It was like 563. That's outrageous. So we as a collective have our homework cut out for us. Meaning that each person that we touch, each person that we talk to, that we know who lives in the city of Riverdale , they've gotta cast a ballot. They gotta participate. This is important because if you don't participate in the local election, what makes me think that you're gonna participate in the Presidential? And you know how serious that is. I don't even have to tell you. And then we have the Census that's coming up, 2020. That's so very important because we lose out on federal dollars when we don't count every resident, whether they're legal or illegal. We have to count every one. We have a representative from the city of Riverdale that's on the Clayton County census count committee and they are going to bring you information and let you know how we move forward in getting everyone counted in this 2020 Census. Do you realize that, if we count everyone, we could possibly have another member of Congress in the state of Georgia. Federal dollars for transportation could come our way. If we get everyone counted. Or we can lose federal dollars if we don't get everyone counted. Alright? This information for the 2020 Census, it's not shared with ICEs or any other state or federal agency, it's just really to show and know how many people reside in one state after another. And again, that correlates to our federal dollars, our state dollars, our county dollars. Everything impacts us. Everything that we do impacts us. So our vote correlates to our everyday life. I talk to young men and I may say, ‘Oh, it doesn't mean anything to me. It doesn't have anything to do with me.’ I said, ‘okay, well the judge or the D.A. or the state representative or the governor that writes that law, that has something to do with you.’ Do you realize that if you go over 80 miles an hour in the state of Georgia now, you not only pay a fine in the city or the municipality or the County, their fine. You have to pay a state fine, as well. That's called the super-speeder law.

A lot of people don't know that, but that's the law that was passed by our legislators, our state legislators, and signed by the governor a few years ago. So you could actually spend, before, maybe $150 for a ticket, now you could spend maybe $500 and put that state portion of the fine, and the $150 that goes to the city of Riverdale. So be clear that everything that we do goes back to our vote, whether it’s the price of eggs and you see the tariffs and stuff that’s going on on our federal level. We've got to pay attention. People saying they’re woke. They’re not. Because if they were woke, they would be voting. So the proof is in the pudding. All of you know someone that's not here tonight. So it’s incumbent upon you to tell somebody about what transpired this evening. So without further delay, I'd like to introduce our panel. We have uh, the mayor, Evelyn Winn-Dixon, candidate for reelection for the city of Riverdale. We have Rodney Lawrence, Ward 2 candidate for the city of Riverdale. And we have Kenny Ruffins, Ward 4 candidate, and he is the incumbent. And the people that are not here is An’cel Davis, who's a mayoral candidate, Frank Cobbs, Ward 2 candidate, and Terry Windley, Ward 4 candidate. All right. Since we don't have to have any coin toss, because each of them are not running for, running against each other, they're all in different races, we don't have to see who's going to go first. So I will pose a question and uh, to the mayor and to Mr. Lawrence and Mr. Ruffin, Councilmember Ruffin, to ensure that each of them have an opportunity, but first, we’re going to have their opening statements, which is going to be two minutes apiece. And we’ll start with…Kenny Ruffins. Councilman, I thought you were volunteering.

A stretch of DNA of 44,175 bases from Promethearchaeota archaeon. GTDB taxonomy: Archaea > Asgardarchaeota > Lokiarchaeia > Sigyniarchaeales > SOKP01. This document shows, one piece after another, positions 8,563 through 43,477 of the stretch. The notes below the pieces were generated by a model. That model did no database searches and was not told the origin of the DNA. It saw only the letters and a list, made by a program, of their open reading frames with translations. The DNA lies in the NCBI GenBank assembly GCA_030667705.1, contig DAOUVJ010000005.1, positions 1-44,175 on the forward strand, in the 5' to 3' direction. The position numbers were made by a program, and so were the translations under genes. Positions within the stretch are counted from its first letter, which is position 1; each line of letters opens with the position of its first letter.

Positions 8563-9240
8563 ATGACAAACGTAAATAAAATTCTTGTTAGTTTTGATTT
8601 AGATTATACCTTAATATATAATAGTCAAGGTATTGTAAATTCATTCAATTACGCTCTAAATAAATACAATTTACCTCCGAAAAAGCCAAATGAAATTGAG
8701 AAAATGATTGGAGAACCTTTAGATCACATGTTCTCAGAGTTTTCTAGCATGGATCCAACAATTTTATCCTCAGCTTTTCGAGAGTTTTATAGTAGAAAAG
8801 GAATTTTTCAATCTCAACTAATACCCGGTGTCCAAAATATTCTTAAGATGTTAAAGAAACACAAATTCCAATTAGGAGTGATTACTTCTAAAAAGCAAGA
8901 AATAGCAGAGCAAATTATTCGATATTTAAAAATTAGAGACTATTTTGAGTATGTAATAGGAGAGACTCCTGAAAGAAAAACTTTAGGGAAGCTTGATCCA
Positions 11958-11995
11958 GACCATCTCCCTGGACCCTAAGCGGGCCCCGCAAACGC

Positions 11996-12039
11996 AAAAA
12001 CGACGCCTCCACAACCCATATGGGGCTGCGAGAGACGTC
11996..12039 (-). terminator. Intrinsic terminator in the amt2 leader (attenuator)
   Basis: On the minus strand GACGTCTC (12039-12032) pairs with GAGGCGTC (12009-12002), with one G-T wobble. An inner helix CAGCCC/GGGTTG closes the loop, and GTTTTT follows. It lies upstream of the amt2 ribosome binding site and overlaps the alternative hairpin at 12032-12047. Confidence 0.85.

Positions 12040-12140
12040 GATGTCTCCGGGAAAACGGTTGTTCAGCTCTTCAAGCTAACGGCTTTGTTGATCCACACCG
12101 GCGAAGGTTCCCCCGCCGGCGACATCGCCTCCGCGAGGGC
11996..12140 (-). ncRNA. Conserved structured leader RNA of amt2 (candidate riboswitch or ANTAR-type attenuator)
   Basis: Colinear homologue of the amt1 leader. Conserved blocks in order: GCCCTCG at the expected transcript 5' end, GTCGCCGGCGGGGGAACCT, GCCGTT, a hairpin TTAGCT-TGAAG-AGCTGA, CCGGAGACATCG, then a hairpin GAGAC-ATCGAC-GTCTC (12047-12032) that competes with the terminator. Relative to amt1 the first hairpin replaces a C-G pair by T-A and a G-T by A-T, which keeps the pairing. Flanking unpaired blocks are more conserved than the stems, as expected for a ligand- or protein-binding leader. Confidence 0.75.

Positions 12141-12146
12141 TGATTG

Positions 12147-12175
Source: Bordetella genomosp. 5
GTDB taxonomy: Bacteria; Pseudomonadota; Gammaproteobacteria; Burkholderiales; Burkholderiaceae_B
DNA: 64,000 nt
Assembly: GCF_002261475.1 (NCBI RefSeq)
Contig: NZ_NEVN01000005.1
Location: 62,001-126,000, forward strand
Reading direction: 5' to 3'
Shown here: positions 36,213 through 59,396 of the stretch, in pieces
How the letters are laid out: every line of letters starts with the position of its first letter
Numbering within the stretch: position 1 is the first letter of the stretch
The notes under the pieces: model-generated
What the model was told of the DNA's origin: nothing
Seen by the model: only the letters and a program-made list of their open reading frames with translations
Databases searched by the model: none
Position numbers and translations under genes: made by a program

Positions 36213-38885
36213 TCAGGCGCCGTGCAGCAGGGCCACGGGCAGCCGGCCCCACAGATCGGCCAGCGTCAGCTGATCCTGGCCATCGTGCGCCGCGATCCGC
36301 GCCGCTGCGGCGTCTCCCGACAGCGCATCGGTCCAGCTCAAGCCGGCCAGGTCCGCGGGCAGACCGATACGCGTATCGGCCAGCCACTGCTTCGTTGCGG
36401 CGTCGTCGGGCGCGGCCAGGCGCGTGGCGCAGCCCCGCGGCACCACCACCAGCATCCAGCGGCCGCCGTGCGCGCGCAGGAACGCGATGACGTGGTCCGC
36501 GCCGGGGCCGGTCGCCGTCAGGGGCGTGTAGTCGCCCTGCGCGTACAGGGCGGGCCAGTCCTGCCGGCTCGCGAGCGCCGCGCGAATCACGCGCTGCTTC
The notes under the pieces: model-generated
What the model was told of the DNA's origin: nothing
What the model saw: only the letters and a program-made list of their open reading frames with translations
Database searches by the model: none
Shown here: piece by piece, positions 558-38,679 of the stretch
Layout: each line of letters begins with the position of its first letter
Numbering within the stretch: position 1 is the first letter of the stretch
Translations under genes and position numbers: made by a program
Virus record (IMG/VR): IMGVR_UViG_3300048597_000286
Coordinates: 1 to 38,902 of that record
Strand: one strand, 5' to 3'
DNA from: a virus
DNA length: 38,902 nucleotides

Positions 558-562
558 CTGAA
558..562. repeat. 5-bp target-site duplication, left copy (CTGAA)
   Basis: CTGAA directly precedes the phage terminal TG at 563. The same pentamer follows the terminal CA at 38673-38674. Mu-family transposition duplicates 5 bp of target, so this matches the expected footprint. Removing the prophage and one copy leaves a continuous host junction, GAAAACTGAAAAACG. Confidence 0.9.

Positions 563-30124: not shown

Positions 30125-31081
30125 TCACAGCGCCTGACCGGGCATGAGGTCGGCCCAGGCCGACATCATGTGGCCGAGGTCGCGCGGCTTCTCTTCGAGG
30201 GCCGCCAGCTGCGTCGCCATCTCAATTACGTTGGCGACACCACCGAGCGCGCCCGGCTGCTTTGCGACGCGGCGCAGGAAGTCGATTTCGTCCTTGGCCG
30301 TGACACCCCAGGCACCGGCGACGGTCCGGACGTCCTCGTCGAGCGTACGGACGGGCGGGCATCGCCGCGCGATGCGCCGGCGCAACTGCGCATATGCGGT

Stay Informed